But the other day they had turned right instead of left and he had been lead upwards, definitely upwards, he could feel the ache in his legs. They had made a left turn, then two rights, then another left along a long tunnel that seemed to slant upwards. It was just as they were reaching the end of that tunnel that Artel had felt it, the rush of cold air, like a breath of freedom, taunting him from the end of the tunnel. They had to be near the surface at that point, they had been going steadily uphill, and in that rush of air he could smell the forest. He only got a whiff, a sharp intake of breath before he was pushed right into another tunnel and away from the promise of freedom. But that was all he needed, that one precious moment had delivered to him something he thought he had given up, hope. There was a way out, and now he knew where to find it. All he had to do was create a diversion, something that would distract his guards, allowing him time to make a break for it.
Right, left, right right, left and up. Easy.

He was still asleep when the sharp kick sent a flare of pain through the right side of his body. He yelped and rolled away, instinctively reaching for the sword that was no longer there. Consciousness brought with it the memory of reality and he pulled himself to his feet, facing the guard standing in the doorway.
"Big thing sleep late, big thing come now, much work to be done."
"Y-yes." Artel stammered. "I just need to get my cloak."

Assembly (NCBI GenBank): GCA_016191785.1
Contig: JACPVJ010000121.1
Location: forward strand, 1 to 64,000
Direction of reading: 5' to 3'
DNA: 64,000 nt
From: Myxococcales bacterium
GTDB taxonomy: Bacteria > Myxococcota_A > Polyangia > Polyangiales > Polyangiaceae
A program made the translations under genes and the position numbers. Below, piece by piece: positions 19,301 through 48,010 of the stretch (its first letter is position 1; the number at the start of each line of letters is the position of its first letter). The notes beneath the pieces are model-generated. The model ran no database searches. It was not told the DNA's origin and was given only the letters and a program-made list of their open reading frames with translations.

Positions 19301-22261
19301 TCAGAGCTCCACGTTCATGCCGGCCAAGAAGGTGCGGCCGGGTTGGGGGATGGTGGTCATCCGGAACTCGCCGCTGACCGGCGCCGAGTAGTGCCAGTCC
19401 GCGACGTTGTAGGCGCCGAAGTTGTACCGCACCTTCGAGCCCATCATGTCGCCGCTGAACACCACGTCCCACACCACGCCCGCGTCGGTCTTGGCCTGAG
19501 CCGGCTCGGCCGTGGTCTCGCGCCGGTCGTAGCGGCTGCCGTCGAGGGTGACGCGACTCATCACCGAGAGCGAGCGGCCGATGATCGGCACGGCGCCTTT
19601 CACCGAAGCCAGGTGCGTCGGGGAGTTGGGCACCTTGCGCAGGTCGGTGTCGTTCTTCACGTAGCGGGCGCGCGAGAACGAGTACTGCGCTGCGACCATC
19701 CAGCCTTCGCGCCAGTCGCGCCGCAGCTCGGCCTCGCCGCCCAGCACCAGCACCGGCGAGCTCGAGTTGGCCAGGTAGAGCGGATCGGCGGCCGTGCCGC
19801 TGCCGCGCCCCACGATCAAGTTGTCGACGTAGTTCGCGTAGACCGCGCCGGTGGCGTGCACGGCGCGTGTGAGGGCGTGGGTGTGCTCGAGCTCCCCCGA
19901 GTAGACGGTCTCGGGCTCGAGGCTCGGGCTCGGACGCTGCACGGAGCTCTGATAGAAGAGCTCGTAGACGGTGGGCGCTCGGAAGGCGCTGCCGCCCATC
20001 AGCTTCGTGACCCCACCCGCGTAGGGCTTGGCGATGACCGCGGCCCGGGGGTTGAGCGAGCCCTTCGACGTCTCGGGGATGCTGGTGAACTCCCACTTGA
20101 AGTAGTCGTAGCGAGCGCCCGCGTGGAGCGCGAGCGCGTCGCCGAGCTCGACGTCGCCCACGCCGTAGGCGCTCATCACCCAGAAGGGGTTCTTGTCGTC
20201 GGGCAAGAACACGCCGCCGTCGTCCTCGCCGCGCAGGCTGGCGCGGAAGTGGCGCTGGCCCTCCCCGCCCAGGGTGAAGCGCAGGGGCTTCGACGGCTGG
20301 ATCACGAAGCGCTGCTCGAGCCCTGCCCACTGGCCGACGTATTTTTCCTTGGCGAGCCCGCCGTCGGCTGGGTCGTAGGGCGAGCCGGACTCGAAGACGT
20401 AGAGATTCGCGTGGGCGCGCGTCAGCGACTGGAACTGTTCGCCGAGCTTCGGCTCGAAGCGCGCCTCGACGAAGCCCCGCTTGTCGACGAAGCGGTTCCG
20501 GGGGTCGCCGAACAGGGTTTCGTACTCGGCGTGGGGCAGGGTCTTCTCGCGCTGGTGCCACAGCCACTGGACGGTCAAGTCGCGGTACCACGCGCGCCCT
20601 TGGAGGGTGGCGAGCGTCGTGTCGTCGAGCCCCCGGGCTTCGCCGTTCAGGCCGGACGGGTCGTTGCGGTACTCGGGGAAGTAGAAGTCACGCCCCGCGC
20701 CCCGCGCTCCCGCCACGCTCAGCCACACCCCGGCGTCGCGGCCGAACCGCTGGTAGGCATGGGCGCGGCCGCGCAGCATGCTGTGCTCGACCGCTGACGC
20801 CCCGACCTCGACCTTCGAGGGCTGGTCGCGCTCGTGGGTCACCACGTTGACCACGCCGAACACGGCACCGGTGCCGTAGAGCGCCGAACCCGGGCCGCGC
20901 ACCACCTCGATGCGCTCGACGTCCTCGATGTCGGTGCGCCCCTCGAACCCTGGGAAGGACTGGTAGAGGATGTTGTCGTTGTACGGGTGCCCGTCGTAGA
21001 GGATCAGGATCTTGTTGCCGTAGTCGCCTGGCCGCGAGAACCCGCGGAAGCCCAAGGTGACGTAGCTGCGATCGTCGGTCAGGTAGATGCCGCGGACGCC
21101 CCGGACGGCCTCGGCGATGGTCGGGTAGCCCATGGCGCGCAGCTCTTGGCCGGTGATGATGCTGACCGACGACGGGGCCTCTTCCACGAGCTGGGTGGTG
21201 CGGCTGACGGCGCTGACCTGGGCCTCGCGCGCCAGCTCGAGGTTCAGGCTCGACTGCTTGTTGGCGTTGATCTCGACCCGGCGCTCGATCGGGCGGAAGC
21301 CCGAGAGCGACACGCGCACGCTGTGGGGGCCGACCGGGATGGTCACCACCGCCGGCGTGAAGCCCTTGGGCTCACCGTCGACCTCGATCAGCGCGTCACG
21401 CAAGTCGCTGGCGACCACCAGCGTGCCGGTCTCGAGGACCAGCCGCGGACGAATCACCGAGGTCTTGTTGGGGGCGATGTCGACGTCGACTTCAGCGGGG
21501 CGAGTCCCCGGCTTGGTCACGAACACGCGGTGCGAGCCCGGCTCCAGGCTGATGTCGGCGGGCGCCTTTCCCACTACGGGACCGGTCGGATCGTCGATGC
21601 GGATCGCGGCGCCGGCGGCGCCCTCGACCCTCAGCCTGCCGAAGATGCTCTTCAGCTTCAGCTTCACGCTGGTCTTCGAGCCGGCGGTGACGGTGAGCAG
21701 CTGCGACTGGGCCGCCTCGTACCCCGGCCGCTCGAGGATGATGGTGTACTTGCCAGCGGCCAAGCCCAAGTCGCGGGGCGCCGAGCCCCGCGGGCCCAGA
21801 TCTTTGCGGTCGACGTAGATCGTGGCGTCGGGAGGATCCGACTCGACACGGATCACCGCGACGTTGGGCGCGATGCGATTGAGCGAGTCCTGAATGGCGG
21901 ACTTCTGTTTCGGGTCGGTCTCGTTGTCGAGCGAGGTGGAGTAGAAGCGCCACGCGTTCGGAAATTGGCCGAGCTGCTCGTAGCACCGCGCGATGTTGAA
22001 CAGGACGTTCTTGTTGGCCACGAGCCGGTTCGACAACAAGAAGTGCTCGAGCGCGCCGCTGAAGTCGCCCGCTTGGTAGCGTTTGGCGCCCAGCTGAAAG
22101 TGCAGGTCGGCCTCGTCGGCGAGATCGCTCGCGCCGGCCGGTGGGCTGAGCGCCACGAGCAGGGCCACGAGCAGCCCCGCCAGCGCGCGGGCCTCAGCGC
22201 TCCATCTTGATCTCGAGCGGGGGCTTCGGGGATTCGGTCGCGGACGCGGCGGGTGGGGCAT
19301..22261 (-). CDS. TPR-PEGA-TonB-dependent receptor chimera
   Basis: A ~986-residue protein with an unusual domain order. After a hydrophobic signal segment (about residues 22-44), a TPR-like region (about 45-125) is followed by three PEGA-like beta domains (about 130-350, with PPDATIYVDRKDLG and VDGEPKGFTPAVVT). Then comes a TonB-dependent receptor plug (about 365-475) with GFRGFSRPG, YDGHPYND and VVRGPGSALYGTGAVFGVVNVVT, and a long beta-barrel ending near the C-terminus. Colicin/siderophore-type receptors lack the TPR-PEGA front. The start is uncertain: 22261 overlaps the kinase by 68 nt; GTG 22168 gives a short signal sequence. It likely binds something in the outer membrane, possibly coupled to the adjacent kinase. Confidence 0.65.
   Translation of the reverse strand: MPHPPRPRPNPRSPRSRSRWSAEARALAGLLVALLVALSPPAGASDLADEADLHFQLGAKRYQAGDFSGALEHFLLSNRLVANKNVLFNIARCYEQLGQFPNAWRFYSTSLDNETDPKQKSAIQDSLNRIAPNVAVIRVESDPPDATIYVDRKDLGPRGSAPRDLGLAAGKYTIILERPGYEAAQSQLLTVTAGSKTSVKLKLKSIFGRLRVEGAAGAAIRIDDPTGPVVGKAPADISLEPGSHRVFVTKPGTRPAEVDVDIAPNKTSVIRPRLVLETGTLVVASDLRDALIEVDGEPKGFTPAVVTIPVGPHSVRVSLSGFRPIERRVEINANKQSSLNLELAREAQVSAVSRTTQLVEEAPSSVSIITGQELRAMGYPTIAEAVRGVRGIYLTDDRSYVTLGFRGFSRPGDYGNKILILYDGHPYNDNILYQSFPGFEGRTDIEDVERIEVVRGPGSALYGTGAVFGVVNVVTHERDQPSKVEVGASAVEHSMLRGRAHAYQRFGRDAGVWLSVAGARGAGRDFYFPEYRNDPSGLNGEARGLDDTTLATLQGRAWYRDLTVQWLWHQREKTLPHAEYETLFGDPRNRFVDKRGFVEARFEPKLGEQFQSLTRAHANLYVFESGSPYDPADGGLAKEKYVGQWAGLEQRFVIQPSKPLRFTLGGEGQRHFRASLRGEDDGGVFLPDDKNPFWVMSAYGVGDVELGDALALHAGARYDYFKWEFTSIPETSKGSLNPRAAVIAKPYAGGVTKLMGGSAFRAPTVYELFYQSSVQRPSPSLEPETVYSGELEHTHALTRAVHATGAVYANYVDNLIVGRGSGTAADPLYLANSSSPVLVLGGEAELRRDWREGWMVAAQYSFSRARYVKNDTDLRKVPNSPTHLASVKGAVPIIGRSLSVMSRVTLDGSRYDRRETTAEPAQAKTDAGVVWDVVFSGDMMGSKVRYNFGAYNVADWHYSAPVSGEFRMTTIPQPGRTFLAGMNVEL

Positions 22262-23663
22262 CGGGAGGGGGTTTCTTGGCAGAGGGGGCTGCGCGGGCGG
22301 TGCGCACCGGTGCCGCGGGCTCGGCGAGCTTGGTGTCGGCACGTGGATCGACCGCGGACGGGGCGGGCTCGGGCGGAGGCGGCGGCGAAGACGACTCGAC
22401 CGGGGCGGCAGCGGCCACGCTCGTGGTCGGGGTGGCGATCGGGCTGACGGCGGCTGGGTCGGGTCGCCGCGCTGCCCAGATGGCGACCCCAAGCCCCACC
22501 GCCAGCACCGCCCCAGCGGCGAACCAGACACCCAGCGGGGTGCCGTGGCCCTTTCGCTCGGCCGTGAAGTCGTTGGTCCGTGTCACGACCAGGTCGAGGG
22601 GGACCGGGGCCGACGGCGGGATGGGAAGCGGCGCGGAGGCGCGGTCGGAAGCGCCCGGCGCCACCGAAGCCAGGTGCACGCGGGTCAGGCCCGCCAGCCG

This was it. Today was the day. He bent to retrieve his cloak from the hard ground, the only bed he had been afforded. As he gripped the cloak he also picked up the small device he had so lovingly created the night before. He swung the cloak over his shoulders and held the device in the palm of his hand, which, despite his years of training, was beginning to sweat. If this didn't work he was screwed, they would kill him there and then, no second chances. But better dead than a life lived serving giant white rats beneath the ground though. He took a breath and walked towards the guard that stood at the door. The guard nodded and stepped back into the corridor, waiting expectantly for Artel to join him. Artel walked forwards, exiting the cell and following the guard along the corridor, a second guard falling in behind him. For a moment there was nothing except the shuffling sound of their footsteps in the silence, then Artel let out a small yelp and crumpled to the ground. As he sank he twisted and stuck his foot out so that he was facing the guard behind him, who, taking an instinctive step towards his captive, struck Artel's outstretched foot and plummeted to the ground himself. Artel threw out his right hand, releasing the device which flew through the air into the darkness beyond. For a terrible second there was nothing, and Artel heard the guard who had been in the lead begin to speak. A half formed word erupting from between his lips, Artel's heart began to sink. Then several loud bangs echoed through the earthy tunnel and suddenly fire was spitting out from the direction they had come, lighting up the dark earth and roaring up the walls. The guard behind Artel pushed past him, at once terrified and full of a duty to protect. Artel took his chance. He knew the fire would last only moments, then it would die, suffocated beneath the earth, as he would if he didn't get a move on. He pushed himself to his feet and began to sprint up the tunnel.